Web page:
She continued, “We have to make sure we police our borders, protect our borders, and in turn protect the livelihood of our sports fishermen and women, as well as our traditional fishermen.”

Natural Resources, Labour, and Immigration Minister Vincent Wheatley agreed, adding that the VI needs to conduct comprehensive assessments of fishing stocks to understand how best to protect them and ensure the long-term sustainability of the industry.

The bill would also create the VI Agriculture and Fisheries Authority, a statutory body responsible for taking stock of lobster, conch, tuna, parrot fish, and other commercial and sport fishery resources at least every five years.

The authority would also be responsible for pushing forward the development of those industries, including land management. The deputy premier noted that most of the authority’s operational funding would come from licensing and fines, but it would need an initial subvention.

Mr. Wheatley commended Dr. Wheatley for bringing forward legislation that is not just a “band-aid” in addressing problems with fishery management.


Transportation, Works and Utilities Minister Kye Rymer said based on his personal experience working with his grandparents in raising sheep, he was glad to give his support to the overhaul of farming regulations.

However, he said that he hoped to “reduce some of the bureaucracy” associated with the bill during the committee stage.

Regarding the role of the new authority, he said the body should have more autonomy than the Department of Agriculture and Fisheries to help further the development of those industries.

He and Junior Minister for Tourism Sharie de Castro both stressed the importance of teaching about agriculture in classrooms and offering support to residents interested in exploring the industry.

Health and Social Development Minister Carvin Malone, Opposition Leader Marlon Penn, and Premier Andrew Fahie also voiced their support for the bill.

Mr. Penn said he considered it a necessity for the territory to shift from importing 90 percent of food to less than 50 percent in the coming years.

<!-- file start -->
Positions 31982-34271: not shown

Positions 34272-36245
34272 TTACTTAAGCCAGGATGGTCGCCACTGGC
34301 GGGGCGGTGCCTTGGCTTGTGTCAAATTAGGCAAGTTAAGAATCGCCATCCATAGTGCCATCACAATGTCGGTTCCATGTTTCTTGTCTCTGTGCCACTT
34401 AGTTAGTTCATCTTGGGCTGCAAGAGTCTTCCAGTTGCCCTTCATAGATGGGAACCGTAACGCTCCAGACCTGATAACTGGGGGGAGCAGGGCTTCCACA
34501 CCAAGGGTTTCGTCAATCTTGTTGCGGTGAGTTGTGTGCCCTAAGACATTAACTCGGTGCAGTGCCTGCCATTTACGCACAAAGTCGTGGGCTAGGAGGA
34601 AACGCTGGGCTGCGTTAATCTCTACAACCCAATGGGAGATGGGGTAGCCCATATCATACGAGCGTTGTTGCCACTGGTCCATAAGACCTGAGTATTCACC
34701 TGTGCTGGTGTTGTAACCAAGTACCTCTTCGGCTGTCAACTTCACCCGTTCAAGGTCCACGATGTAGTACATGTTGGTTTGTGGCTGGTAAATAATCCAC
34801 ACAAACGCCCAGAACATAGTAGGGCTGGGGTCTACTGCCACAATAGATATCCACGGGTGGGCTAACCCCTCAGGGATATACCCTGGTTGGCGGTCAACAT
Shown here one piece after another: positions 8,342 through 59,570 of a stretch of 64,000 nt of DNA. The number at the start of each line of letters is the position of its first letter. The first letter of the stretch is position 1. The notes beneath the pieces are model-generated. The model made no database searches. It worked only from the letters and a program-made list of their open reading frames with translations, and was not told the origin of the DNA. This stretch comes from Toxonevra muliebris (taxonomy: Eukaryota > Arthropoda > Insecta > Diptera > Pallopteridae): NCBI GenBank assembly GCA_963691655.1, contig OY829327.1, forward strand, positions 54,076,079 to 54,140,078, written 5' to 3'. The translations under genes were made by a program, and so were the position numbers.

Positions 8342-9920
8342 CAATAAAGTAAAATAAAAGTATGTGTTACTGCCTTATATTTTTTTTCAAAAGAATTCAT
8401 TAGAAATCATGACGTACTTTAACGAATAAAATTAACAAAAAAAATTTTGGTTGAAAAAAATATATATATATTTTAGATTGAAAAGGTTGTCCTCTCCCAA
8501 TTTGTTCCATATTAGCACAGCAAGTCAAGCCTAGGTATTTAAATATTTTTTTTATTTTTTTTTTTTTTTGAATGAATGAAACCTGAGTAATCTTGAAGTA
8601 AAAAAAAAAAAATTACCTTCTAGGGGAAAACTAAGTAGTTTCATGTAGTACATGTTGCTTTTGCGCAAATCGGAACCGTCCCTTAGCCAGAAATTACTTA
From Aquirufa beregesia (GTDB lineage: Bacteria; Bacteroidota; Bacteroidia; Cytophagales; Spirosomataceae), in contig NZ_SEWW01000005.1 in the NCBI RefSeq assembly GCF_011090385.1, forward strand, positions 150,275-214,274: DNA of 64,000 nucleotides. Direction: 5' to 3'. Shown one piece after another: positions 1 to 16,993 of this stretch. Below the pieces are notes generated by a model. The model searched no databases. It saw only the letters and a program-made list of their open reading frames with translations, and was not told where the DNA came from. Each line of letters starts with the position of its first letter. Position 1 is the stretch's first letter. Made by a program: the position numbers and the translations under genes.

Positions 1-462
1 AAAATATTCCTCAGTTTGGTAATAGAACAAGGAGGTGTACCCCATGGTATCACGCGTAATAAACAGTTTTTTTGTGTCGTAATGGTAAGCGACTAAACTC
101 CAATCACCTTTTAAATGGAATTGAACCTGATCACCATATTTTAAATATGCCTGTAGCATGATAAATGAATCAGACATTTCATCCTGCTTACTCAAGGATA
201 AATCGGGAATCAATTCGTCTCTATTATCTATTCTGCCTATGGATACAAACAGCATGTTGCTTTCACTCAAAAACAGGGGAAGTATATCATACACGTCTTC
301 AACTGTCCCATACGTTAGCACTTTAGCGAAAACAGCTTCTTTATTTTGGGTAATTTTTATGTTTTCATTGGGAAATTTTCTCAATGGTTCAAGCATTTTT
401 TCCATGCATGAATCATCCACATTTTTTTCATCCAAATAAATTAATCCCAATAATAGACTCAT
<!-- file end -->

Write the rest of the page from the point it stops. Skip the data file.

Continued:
“Our focus is to ensure that the people who invest in those industries are given every opportunity to survive, to be productive, and to create long-lasting industries that supply and support our territory for decades to come,” he said.


He added that he hoped the new authority would also consider setting species- and season-specific regulations to prevent overfishing.

“I don’t believe the intention of the legislation is to take away traditional things that we’ve done as a people of the territory through a licensing regime and strict registration that have been imposed,” Mr. Penn said. “We have to look at who we are as a people and the cultural aspect of our upbringing. … We have to find that balance.”

Dr. Wheatley wrapped up the debate.

“We have to recognise those persons who by their own grit, their own determination, their own willpower, have been able to keep their farming businesses going,” he said. “But despite that, a lot of our farmers and a lot of our fishermen are getting older. We have to recognise we are at a point where something significant has to be done. That starts with having the proper legislative framework in place.”

While still in committee, the House went into recess without setting a date for when it would reconvene.